How Service Learning Should Serve Us Learning


Rules are like caution tape: the right amount keeps people out of troubling areas and protects against those who wish to scam the system, but too much ends up trapping those who wish to help.

Since the pandemic, the service learning department has drawn ire from many students for its rules and regulations, many of which seem discordant with the school’s supposed preference for values over rules. Lakeside needs to instill in its culture a broader definition of the word “service” — what does it mean to us? To me, it means to aid, to advocate, and to use each of our 578 unique perspectives to change the world around us.

The Service Learning Department’s new guidelines, released on December 15, 2022, seemed like a step back for many students. In particular, many sophomores and juniors, who knew only the rules that were in place during the COVID pandemic, went into an uproar over the ban on individual fundraising or joining non-established organizations (like those started by other high schoolers or family members). Many students (including myself) planned to join or start student-led or smaller organizations — like some of the specialized clubs we have at Lakeside — in order to use our unique skills to help others and gain service hours. Instead, the rules appear to funnel students into traditional routes of service that, while indispensable for the community, restrict the creativity Lakeside students can apply to projects including service.

In a document containing their new guidelines, Lakeside’s Service Learning Advisory Board conceded: “There are many types of service that are valuable, thoughtful, and worthwhile. Many service projects and opportunities that are worthwhile and important will not necessarily fit within Lakeside’s definition of service learning, and that’s okay.” The document begs the question: if it’s valuable, thoughtful, and worthwhile, why would Lakeside reject it.

The move towards stricter rules comes at an odd time — the past three months have been a boon for service hours as the department was loosening many guidelines. For example, it now approves hours from sports camps or clubs at the middle school. If these new rules were meant to be a clarification, they have served only to further disorient students and instill fear into the hearts of those planning non-traditional service routes.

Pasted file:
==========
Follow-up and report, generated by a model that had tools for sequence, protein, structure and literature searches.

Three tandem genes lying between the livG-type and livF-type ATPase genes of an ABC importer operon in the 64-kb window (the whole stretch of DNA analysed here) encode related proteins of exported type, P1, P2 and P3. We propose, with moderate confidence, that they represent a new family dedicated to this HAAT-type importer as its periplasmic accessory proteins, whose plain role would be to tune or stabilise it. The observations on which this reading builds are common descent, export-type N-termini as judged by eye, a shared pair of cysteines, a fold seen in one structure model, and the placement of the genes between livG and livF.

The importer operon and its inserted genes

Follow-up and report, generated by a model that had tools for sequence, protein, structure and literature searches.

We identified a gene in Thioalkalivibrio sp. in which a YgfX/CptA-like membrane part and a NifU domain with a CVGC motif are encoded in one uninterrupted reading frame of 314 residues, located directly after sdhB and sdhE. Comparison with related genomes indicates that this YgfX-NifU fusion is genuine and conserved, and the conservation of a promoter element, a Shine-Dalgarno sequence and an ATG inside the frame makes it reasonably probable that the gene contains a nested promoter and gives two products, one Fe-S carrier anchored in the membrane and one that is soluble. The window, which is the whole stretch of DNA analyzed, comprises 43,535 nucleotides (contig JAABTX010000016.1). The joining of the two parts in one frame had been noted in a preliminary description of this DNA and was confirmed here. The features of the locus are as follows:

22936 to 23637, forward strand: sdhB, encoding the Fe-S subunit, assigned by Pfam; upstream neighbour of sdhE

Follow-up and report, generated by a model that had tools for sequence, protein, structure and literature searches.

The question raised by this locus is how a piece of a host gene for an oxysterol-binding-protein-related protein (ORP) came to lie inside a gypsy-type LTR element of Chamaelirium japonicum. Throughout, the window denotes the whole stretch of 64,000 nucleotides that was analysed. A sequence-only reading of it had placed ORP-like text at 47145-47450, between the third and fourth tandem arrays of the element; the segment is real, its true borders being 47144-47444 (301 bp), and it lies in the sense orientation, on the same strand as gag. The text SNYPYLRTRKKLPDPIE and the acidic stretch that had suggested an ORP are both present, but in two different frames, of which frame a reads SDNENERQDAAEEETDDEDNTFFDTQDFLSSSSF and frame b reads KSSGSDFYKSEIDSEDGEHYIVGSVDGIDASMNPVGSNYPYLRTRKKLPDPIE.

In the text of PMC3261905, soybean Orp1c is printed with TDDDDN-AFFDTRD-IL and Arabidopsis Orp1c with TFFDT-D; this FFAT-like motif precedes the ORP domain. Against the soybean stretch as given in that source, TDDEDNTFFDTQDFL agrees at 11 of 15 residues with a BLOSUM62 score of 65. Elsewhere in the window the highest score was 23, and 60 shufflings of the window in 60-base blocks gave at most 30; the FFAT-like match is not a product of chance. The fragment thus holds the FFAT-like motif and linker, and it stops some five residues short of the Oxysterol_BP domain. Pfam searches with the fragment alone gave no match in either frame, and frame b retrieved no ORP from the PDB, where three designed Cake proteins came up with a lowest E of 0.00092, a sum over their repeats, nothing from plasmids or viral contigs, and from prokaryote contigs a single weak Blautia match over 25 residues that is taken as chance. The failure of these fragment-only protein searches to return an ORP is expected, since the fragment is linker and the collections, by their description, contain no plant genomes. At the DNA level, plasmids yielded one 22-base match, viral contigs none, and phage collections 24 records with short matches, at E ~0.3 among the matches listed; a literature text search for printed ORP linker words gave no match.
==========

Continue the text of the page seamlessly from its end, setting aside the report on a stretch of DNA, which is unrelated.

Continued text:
There are myriad people across all grades who’ve recently had service hours denied or backtracked on opportunities as a result of Lakeside’s new rules.

Blue Planet students clearing invasive blackberry bushes as part of their service learning. (Nicki Wallace)

A sophomore who wishes to remain anonymous noted that their family had a plan to fundraise money for an organization that built tiny homes across the Seattle area to fill their service quota, but the recent rules scuttled their plans. They noted that even though they could still do this kind of service, the new rules discouraged them enough to the point where they felt that it would be better not to.

Meanwhile another student was worried about their service plans, including volunteering at various middle schools and sports organizations for disadvantaged youth. Even though these types of service are currently allowed, they felt that “the new rules made [them] worried that the service department could roll back new policies, including allowing sports programs/camps that are technically not free but have generous financial aid policies.”

Despite the student backlash, there are certainly reasons for these changes. In an interview last month, Ms. Counsell-Torres expressed that one of the goals of the service learning program is for students “to gain insight into how systems of inequality came to be, and how systems of oppression interlock with one another.” Fundraising individually or getting together with a group of friends doesn’t teach about inequality, nor does it teach novel skills that could be applied in the future. 

The rules appear to funnel students into traditional routes of service that, while indispensable for the community, restrict the creativity Lakeside students can apply to projects including service.

A student member of the Service Learning Board even said during class that “the primary purpose of these rules was to prevent people from completing all 80 hours by baking cookies for a hospital.” And even though I don’t wholeheartedly support the new rules, I find myself in agreement with these statements. After all, it’s service learning, and since Lakeside is a school, that learning component is just as important as the service we do. 

Yet that entire argument still feels…off. Does volunteering 60 hours at a food bank truly teach more than reaching out across the school to find volunteers to collectively organize an elementary school choir for children in South Seattle? Is it really one or the other? Uniqueness or learning? Or is there room for both? 

We should strike a compromise — allow students freedom while also ensuring they learn. The answer here is simple — and not too far removed from what we already have: institute a minimum requirement for those “guided” kinds of service. Just as 60 hours of service outside of the Lakeside community is required, something in the ballpark of 20-30 hours in an “established organization” should be required. This is enough to ensure students engage with themes of inequality but also allows students to pursue their unique interests in service. I would further note that unlike the way in-school hours work — you can only have 20 out of the first 80 — Lakeside should not place a limit on non-guided service, instead leaving it to students to plan their unique path through the requirements.

This path forward would still encourage individual passions, while also inspiring students to learn about inequality, injustice, and remediation.